Break out the Turnover "Margin" Chain?


Yes, TO Margin, Not Turnovers Gained: A Key Driver of Wins


There were a lot of big upsets this past weekend in college football, where we saw quite a few top 25 teams go down with losses. It all started on Thursday night with #25 Appalachian State losing to an unranked Georgia Southern team. Many were surprised at the outcome of this game, maybe not so much by the fact that Georgia Southern won the game ( they are a damn good team) but more so about the fashion in which they won. Georgia Southern handled App State from start to finish and won the game 34-14. While most statistical categories pointed towards Appalachian State being the better team, there was one major category where Georgia Southern had the clear edge, Turnover Margin!


Its Not Enough To Just Create Turnovers


As a former coach, I know the importance and emphasis put on creating turnovers. It’s something that coaches have been preaching since the beginning of time and you can’t find a team now a days that doesn’t have some sort of chain, trinket or prop that they use to celebrate a big turnover. We all have come to know the buzz that Miami’s Turnover Chain has created, and since than, we have seen turnover beads from Tulane, a turnover robe from Memphis, a belt for Louisville, a chalice and a crown for SMU and the list goes on and on. While these are all great and create a lot of excitement, turnovers alone do not drive Win’s!



How do I know that turnovers alone do not drive wins? Because, I ran a predictive analysis study on the impact of turnovers on wins and found that although there is a moderate positive correlation between turnovers gained and Wins, it is not a Main Driver of Wins. The true statistically significant driver of wins is turnover margin. So in attempt to draw more attention to Margin rather than turnovers, I have created a new Chain that teams should be rocking on the sideline during games. It’s the Turnover Margin Chain!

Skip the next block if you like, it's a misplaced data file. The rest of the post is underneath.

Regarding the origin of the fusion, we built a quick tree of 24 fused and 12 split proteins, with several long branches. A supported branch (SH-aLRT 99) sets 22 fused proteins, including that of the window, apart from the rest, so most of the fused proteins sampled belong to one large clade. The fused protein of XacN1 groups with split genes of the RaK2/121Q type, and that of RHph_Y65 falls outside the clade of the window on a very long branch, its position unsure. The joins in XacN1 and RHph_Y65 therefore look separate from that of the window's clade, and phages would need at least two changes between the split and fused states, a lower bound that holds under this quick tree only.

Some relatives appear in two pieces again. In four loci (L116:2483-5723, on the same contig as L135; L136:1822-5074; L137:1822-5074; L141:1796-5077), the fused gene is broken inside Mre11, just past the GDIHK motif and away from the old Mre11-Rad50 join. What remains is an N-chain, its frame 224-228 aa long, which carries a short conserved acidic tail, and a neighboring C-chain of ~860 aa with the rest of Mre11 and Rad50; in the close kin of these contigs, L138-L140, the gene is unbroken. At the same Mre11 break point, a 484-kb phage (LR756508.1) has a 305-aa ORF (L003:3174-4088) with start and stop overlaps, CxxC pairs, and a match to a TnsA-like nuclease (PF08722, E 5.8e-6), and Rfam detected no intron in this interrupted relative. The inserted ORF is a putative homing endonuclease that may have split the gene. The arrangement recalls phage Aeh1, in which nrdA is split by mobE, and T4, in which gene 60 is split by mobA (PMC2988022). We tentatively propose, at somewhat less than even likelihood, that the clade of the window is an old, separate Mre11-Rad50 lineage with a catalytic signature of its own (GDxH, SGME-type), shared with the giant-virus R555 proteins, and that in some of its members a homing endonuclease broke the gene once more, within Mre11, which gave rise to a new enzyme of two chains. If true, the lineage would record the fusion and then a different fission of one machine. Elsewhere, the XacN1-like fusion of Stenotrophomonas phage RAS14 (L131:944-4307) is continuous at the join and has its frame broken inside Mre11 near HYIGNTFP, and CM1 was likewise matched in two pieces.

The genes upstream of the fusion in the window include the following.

(Turnovers gained – Total Turnovers Lost = Turnover Margin)


That’s right, it’s not Turnovers that should be getting all the attention, but Turnover Margin. Turnover margin is simple, it’s the difference between Total Turnovers gained and Total Turnovers Lost. The margin is reflected as a number either + or – to show if a team is creating more or less turnovers than its losing.


Teams that find themselves with a positive number for Turnover margin are creating more turnovers than they are losing and that’s the number that drives wins. And oh by the way, who leads the nation in Turnover margin? That’s right our friends from Georgia Southern University are the #1 TO Margin team in the nation with a TO margin of +19 and +2.38 per game. That’s almost 3 times a game where Ga Southern is taking the ball away from opponent’s and not giving it back.


The Analysis of Turnover Margin as a Key Driver of Wins


If you have read some of my other posts, you know that I love to write about components of football that can be identified and proven as key drivers of Wins. As a reminder, a key driver is an input field or combination of input fields that has a statistically significant effect on a target field. This effect is more than a mere association because the effect is directed. By identifying key drivers, you can discover which field or combination of fields have the most effect on a target field. Our target in this study, just like in our past studies is Wins.

The first part of my analysis was to first look at total turnovers gained to see if there was a main effect on wins. Simply put does the turnover chain alone have a significant impact on wins? Well, as I stated earlier, what I discovered is that although there is a correlation, turnovers alone, did not have a statistically significant main effect on wins.


Turnover Margin drives Wins with a predicative Strength of 31%